Thursday, November 04, 2010

Junky Fish-Eye Adapter On Trial

Thinking I might have use for a funky video effects lens, I decided to get a cheap wide-angle adapter. This gadget screws on the front of your existing lens, using the filter mount. To facilitate this it comes with a 49 and 58mm adapter rings. Presumably if you need different sizes you can use step-down thread adapters. Many of my lenses are happy with 49mm. But since it doesn't make much sense going wide based on anything but a wide-angle, I used instead the Vivitar Series I 28mm f/1.9, a legendary piece of glass in M42 mount. It has a 58mm filter thread, so I was sorted.

Here's the front view of the wide-angle adapter, together with the front and back caps and the two adapter rings. Note there is no brand name visible. Rather, the rim is marked "Titanium Super Wide Macro Lens 0.42xAF Made In Japan". I am not sure what makes this an AF lens, since there is certainly no focus mechanism included!

Bower front view

One might also question why the cap is stamped "Professional Digital". Certainly there is nothing digital about this lens. And nothing professional about it either! (But we won't let that stop us.)

You might also note the outer ring with two flanges. I had no idea what function this served but it turns out it is a lens hood (!) even though it pulls out only a smidgen and extends only a similar smidgen.

Here follows the barrel view, showing that the bottom section at the mount is marked "MACRO". This small part unscrews if you want to use the macro feature without wide angle. So really this is two adapters in one.

Bower barrel view

Still no sign of a manufacturer. But Bower is marked on the adapter rings, so we can assume they made the entire contraption.

So, what does this do on a 28mm lens? It turns the world very curvy, distorted and out of focus. Here are some sample shots taken in my garden. I did not record the aperture but it was likely f/4. (Click through photos to get to large sizes in Flickr.)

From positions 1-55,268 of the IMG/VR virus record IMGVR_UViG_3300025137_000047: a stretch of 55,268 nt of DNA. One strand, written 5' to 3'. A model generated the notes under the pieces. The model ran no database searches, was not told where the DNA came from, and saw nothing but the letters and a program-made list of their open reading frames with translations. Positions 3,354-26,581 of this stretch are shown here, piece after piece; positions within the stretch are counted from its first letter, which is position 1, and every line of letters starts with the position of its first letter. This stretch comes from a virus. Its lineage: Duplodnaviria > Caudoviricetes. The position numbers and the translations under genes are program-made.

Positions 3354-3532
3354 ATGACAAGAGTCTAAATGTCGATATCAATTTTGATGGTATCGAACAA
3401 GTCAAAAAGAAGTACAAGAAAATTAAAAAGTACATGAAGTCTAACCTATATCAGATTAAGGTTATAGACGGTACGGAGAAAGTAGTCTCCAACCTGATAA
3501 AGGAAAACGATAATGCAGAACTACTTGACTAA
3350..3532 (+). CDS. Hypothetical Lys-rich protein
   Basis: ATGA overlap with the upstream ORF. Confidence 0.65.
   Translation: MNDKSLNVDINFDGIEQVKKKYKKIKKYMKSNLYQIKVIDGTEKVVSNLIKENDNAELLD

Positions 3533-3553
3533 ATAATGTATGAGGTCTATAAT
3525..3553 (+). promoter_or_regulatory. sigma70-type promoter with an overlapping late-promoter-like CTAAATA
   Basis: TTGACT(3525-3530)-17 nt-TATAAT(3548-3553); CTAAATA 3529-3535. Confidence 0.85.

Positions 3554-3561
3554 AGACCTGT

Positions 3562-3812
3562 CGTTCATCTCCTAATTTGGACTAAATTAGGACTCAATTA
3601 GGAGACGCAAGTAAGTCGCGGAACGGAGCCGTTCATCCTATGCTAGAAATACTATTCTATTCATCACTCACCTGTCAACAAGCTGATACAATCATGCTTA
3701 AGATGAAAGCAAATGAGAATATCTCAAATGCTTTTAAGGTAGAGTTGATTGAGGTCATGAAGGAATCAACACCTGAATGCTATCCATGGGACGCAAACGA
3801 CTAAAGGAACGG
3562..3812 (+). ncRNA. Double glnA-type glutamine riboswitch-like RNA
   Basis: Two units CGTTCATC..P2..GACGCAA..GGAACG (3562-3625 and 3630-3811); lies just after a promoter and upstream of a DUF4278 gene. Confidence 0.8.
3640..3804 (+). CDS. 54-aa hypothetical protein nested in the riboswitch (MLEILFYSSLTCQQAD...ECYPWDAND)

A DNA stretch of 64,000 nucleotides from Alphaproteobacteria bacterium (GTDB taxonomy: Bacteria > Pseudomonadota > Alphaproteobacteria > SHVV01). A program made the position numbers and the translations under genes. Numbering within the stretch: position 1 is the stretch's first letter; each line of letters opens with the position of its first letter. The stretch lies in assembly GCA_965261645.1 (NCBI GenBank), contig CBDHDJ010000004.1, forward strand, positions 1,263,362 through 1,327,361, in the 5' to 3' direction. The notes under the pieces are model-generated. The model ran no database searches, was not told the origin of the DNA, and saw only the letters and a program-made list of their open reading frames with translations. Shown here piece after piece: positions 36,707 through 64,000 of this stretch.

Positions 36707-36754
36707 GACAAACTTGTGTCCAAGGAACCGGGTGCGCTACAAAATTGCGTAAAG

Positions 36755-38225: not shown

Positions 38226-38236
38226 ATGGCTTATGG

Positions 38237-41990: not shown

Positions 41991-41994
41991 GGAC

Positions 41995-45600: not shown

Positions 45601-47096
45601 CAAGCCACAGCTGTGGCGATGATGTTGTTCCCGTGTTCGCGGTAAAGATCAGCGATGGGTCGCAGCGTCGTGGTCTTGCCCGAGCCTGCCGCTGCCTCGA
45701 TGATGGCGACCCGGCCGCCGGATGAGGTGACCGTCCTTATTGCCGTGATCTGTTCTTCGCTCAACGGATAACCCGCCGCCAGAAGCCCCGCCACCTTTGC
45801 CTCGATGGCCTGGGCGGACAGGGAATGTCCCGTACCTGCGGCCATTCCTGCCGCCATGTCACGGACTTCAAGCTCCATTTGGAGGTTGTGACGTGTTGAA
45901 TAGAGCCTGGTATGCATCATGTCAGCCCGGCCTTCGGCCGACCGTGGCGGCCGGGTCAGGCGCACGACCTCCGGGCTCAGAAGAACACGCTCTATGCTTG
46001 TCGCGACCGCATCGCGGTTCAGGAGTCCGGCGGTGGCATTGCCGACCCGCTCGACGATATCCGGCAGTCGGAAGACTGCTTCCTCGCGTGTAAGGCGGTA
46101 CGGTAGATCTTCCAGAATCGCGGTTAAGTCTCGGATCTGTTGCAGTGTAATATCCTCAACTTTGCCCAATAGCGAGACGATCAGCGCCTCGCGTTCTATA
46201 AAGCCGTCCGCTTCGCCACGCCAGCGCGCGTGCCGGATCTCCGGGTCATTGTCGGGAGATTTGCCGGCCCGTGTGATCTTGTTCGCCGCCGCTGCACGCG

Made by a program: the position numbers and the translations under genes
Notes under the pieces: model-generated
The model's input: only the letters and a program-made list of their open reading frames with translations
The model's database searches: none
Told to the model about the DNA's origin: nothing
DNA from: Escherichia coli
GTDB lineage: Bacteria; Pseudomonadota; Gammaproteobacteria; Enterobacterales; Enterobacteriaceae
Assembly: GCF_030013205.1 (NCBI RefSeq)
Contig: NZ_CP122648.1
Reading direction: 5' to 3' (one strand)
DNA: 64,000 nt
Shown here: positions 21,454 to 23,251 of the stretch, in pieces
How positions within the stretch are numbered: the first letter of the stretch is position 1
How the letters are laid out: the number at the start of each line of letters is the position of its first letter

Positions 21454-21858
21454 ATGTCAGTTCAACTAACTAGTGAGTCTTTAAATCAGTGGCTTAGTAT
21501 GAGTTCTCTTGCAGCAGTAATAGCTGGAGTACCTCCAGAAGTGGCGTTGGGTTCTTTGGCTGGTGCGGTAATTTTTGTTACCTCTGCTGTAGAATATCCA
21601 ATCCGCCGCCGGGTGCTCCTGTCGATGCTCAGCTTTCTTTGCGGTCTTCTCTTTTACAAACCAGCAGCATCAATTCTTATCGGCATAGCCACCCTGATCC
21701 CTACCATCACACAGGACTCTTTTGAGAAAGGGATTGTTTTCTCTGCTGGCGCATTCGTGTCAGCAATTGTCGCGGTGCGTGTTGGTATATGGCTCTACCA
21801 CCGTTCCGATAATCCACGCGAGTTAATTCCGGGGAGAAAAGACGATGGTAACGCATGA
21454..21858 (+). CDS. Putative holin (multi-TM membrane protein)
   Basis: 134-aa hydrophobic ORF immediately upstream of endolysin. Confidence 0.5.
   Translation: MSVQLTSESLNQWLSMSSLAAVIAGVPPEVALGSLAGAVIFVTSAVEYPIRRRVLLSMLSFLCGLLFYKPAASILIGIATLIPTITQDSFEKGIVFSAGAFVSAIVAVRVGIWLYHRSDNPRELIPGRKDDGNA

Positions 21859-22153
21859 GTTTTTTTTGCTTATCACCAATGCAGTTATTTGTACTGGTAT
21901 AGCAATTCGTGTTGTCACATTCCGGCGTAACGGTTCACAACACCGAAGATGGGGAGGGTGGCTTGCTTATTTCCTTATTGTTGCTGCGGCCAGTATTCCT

orange veined


I cropped these square to eliminate the strong vignetting in the extreme corners, and to mitigate against the distortions at the edge of the frame. Beyond those characteristics there are a couple other observations I can make. The colour is excellent. The exact point of focus is sharp enough but don't expect proper macro lens precision.

Far from it! This lens is best for painting a scene in a soft bokeh and rendering perspective rather unreal.

I shelled out an entire 12 quid (delivered) on this item; it was worth that sum to fool around a bit. It generally goes for between 30 and 50, depending on your currency and where you buy it. Included is a carry bag and a rather useless instruction sheet. I have to say the build is very solid and the lens is coated.

From these tentative experiments I can see how this screw-on fish-eye might be effective for video... but only if cropping the frame is possible. If you don't have the money for a real lens, and want to make something fun, this could be the ticket. Shoot your next spooky Hallowe'en video with it!


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